The following HTML text is provided to enhance online
readability. Many aspects of typography translate only awkwardly to HTML.
Please use the page image
as the authoritative form to ensure accuracy.
How People Learn: Brain, Mind, Experience, and School
BOX 9.4A Program for Diagnosing Preconceptions in Physics
A computer-based DIAGNOSER program has helped teachers increase student achievement in high school physics (Hunt and Minstrell, 1994). The program assesses students’ beliefs (preconceptions) about various physical phenomena— beliefs that often fit their everyday experiences but are not consistent with physicists’ views of the world (see Chapters 2, 3, 6, and 7). Given particular beliefs, sets of activities are recommended that help students reinterpret phenomena from a physicist’s perspective. Teachers incorporate information from the diagnoser to guide how they teach. Data from experimental and comparison classrooms on students’ understanding of important concepts in physics show strong superiority for those in the experimental groups; see the graph below.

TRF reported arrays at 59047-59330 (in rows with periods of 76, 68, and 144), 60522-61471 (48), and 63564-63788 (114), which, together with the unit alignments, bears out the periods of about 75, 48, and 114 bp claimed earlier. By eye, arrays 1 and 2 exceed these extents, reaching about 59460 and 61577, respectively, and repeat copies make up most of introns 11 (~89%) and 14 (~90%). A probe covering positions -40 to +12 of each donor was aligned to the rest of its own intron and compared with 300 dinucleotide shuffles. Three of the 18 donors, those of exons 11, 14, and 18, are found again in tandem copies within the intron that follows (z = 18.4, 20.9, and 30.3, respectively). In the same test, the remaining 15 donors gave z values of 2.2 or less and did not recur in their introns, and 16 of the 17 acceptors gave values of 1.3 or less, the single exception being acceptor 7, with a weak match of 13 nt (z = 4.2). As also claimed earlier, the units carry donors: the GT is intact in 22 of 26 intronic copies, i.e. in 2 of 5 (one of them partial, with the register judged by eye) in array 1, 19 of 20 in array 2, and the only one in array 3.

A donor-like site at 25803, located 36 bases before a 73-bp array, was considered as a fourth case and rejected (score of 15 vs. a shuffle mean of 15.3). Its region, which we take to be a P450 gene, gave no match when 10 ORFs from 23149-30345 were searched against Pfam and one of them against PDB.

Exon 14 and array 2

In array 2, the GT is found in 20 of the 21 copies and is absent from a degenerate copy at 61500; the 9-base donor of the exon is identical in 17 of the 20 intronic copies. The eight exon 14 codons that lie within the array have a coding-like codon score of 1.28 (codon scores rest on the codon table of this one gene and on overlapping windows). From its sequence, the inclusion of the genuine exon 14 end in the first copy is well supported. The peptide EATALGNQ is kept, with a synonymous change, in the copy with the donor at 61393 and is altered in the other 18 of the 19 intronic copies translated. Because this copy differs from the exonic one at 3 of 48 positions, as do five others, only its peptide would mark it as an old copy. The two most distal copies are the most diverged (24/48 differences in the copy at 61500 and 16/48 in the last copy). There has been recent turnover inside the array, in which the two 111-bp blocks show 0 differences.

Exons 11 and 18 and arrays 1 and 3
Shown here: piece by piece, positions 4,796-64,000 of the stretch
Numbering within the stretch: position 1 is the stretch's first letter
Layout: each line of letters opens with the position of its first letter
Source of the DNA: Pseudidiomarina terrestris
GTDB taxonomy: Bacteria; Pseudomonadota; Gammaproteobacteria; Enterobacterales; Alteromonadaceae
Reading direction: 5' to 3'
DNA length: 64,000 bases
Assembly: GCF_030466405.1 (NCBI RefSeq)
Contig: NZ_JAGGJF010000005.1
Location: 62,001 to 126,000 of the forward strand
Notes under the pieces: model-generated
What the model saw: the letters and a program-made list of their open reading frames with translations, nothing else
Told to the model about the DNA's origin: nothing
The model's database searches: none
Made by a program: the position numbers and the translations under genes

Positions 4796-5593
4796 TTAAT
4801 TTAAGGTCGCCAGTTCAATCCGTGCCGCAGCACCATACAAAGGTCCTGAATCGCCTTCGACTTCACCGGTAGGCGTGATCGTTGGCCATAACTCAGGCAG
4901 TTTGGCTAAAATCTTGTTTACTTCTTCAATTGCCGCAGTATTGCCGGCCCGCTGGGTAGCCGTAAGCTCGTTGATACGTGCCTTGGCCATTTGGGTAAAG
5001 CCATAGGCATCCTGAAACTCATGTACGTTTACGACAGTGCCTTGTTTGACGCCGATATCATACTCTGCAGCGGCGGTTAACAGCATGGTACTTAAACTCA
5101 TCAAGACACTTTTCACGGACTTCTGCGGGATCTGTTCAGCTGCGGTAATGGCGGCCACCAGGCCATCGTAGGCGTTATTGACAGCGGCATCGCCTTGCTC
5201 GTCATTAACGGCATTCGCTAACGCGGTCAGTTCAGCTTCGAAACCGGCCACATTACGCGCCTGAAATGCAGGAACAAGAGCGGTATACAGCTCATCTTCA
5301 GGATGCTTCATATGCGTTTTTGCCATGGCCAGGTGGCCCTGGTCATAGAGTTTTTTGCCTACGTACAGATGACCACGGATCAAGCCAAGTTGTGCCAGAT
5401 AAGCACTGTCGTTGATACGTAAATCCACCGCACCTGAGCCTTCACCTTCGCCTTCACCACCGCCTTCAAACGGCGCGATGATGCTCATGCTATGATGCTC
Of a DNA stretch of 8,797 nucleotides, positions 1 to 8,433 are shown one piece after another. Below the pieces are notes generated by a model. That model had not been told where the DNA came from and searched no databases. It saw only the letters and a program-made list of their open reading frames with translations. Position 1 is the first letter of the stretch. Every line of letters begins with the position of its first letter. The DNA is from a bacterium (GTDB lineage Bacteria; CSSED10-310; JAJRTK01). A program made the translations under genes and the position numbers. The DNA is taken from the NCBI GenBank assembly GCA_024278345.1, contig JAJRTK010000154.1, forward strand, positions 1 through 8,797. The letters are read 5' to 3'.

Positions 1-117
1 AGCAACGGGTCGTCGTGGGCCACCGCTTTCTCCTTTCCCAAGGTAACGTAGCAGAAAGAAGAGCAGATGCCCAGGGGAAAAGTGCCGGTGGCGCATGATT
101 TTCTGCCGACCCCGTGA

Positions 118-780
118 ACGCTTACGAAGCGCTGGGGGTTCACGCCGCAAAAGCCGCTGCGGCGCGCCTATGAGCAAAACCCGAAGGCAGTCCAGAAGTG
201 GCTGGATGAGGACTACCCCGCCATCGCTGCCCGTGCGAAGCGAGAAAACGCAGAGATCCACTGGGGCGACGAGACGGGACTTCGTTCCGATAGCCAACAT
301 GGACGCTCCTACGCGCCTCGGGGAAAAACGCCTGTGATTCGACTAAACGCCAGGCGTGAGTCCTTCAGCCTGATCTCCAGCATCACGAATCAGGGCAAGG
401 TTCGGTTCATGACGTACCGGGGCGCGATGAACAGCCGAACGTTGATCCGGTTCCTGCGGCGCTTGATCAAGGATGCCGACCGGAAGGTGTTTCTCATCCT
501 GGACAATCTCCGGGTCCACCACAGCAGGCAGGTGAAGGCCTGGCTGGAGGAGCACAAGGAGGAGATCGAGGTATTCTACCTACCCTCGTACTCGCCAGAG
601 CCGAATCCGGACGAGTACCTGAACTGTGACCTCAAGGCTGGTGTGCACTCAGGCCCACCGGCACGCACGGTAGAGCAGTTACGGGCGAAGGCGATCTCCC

FIGURE 9.1Mercer Island versus comparable school mechanics vinal and MAT math scores. SOURCE: Hunt and Minstrell (1994).